The electricity distribution companies in the country have blamed the liquidity crisis in the power sector to the inadequate payment made by consumers for power distributed. They claimed they buy electricity from the generation companies based on the exchange rate of N305 per dollar and sell at the exchange rate of N198.98 per dollar.
In a lead presentation at a forum organised in Lagos by Siemens Nigeria on energy management system for transmission and distribution systems, the Managing Director and Chief Executive Officer of Eko Electricity Distribution Company (EKEDC), Mr. Oladele Amoda said this disparity was the root cause of the current liquidity gap in the power sector.
Amoda, whose presentation was on “Nigerian Power Sector Distribution Landscape: Perspective of Discos,” noted that this disparity had impacted the capacity of the companies to replace dilapidated equipment.
“In Eko Disco, for instance, some assets are 60 years old and need to be replaced but we have serious challenge of access to finance,” he added.
Amoda, who also noted that South Africa with a population of 40 million people generates 40 megawatts of electricity, argued that it would require special science to share only 4,000 megawatts of electricity to 170 million Nigerians.
The Eko Disco CEO, who was represented by the company’s head of procurement and regulatory unit, Mr. Nosa Igbinedon, said the country’s generation was inadequate and extremely difficult to distribute to the country’s population.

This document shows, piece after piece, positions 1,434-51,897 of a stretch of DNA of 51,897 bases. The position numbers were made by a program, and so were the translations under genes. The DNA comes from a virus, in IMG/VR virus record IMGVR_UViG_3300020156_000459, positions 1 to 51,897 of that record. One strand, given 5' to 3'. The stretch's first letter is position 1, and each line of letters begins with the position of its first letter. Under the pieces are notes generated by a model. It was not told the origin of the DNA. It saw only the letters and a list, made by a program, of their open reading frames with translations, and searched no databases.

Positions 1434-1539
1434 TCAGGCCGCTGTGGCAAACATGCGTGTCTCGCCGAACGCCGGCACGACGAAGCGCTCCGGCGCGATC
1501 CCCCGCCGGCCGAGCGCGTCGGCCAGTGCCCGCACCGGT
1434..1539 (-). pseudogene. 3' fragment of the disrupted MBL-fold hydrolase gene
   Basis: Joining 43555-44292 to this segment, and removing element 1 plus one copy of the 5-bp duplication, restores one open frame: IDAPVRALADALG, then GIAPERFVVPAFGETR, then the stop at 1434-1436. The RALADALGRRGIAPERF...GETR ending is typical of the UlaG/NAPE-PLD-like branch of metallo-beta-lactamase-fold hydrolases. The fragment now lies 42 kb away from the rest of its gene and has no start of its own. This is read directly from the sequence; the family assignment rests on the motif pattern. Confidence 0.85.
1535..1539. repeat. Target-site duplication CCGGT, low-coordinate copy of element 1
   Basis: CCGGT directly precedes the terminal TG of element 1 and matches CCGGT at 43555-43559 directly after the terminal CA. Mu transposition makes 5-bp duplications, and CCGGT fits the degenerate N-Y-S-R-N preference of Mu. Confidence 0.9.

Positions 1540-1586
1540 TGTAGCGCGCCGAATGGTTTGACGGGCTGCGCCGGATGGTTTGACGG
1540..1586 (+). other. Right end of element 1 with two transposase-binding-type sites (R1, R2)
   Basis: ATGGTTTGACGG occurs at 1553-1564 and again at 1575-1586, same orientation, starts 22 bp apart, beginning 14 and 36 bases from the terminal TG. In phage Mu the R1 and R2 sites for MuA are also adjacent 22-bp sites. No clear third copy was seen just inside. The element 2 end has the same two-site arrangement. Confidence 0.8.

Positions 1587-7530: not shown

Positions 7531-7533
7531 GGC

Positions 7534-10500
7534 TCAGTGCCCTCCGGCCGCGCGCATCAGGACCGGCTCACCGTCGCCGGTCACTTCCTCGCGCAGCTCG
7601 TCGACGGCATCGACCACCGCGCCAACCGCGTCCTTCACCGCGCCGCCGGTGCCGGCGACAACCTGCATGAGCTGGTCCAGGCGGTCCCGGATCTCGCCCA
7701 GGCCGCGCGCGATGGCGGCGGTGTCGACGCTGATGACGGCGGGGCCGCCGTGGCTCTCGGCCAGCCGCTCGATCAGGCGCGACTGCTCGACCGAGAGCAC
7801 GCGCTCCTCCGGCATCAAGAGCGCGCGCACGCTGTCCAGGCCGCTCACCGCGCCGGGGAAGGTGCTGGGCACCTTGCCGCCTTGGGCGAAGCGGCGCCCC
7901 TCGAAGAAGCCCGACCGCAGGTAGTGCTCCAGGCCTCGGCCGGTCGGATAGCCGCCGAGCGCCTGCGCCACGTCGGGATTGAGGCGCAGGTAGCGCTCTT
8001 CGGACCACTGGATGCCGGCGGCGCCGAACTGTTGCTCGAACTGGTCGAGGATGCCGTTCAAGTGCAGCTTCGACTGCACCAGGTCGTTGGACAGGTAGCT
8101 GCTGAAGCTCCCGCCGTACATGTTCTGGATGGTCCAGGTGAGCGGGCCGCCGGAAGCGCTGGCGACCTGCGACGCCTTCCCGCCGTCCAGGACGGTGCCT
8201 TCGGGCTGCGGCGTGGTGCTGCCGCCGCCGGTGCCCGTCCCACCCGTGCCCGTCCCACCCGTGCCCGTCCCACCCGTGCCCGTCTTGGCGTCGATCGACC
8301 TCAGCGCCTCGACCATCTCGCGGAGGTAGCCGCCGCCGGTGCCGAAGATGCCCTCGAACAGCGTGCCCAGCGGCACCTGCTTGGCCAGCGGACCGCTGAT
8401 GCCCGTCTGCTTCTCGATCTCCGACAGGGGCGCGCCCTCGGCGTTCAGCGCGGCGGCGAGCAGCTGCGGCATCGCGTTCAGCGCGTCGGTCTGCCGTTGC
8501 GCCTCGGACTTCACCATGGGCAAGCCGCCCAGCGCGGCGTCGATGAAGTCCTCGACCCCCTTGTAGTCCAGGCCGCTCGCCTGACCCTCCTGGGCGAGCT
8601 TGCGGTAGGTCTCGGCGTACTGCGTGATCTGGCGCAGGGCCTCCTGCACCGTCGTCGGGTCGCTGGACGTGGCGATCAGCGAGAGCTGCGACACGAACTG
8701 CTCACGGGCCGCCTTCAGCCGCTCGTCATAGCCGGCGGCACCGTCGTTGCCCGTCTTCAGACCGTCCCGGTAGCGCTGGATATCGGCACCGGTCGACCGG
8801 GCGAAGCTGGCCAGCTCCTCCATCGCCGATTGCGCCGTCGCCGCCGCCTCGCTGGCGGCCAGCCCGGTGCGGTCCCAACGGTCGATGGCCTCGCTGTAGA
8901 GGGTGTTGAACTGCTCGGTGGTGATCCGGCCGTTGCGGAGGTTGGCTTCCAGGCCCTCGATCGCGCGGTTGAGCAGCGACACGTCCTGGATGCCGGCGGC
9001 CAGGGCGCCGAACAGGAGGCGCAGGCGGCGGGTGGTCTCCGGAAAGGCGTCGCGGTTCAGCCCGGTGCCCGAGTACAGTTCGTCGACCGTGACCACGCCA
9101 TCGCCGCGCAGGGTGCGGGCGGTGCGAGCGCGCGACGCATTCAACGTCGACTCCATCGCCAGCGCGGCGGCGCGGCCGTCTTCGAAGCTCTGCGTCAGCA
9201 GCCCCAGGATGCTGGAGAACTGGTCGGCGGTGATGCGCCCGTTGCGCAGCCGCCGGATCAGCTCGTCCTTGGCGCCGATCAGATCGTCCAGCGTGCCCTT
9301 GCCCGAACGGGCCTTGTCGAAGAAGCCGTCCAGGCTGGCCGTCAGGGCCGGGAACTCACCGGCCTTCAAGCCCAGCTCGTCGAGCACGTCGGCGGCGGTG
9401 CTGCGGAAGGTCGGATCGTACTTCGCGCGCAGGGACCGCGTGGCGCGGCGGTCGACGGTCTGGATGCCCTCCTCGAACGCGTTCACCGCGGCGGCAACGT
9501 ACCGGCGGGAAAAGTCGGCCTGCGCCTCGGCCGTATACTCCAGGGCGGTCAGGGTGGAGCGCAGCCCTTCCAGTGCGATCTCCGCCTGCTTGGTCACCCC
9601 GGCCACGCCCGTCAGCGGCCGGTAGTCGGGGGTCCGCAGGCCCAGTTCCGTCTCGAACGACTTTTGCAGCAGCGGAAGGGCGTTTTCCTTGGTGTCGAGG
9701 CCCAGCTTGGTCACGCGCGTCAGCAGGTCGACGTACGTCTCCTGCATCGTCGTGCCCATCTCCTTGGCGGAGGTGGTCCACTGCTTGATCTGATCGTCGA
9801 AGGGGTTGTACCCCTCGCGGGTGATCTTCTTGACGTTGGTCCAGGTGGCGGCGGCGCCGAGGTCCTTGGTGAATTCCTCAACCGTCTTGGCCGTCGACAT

Also speaking, the Chief Executive Officer of Siemens Limited, Mrs. Onyeche Tifase acknowledged the liquidity crisis that hit the country’s power sector and pledged her company’s willingness to assist the investors to manage the crisis.
“We can manage anything. We generate energy and we can also manage it to be cost-effective. We can also manage it so that you can control it. If the government is not doing well, the operators will not do well. If Siemens is not doing well, our clients and contractors will not do well and we take responsibility for that. In Nigeria, we are still talking about cashflow issues and obsolete equipment; in other countries, they are talking about intelligence, smart race, and diversity of energy mix,” she explained.
Citing the Indian experience, Tifase stated that Nigeria’s electricity distribution system and the country’s traffic situation resembled those of India but added that India is far ahead of Nigeria in power generation.
According to her, India has the assets and capacity to invest, adding that many Indian companies were involved in Nigeria’s power privatisation.
“We believe that Siemens can get the roadmap on how things can be done in Nigeria’s power sector,” she added.
In his presentation, Siemens India’s Head of Export Unit, Mr. Rishi Maggon argued that the challenges are not peculiar to Nigeria but global.
According to him, in a world where data flows every second, there is now a challenge of digitalisation in the power business.
He also added that with the expected growth in world population from 7.3 billion to 9.6 billion by 2050, there will be pressure on power supply.
Maggon also identified the threat posed by urbanisation, saying that by 2050, 70 per cent of the world population will live in the cities, adding that this will boost demand for power supply.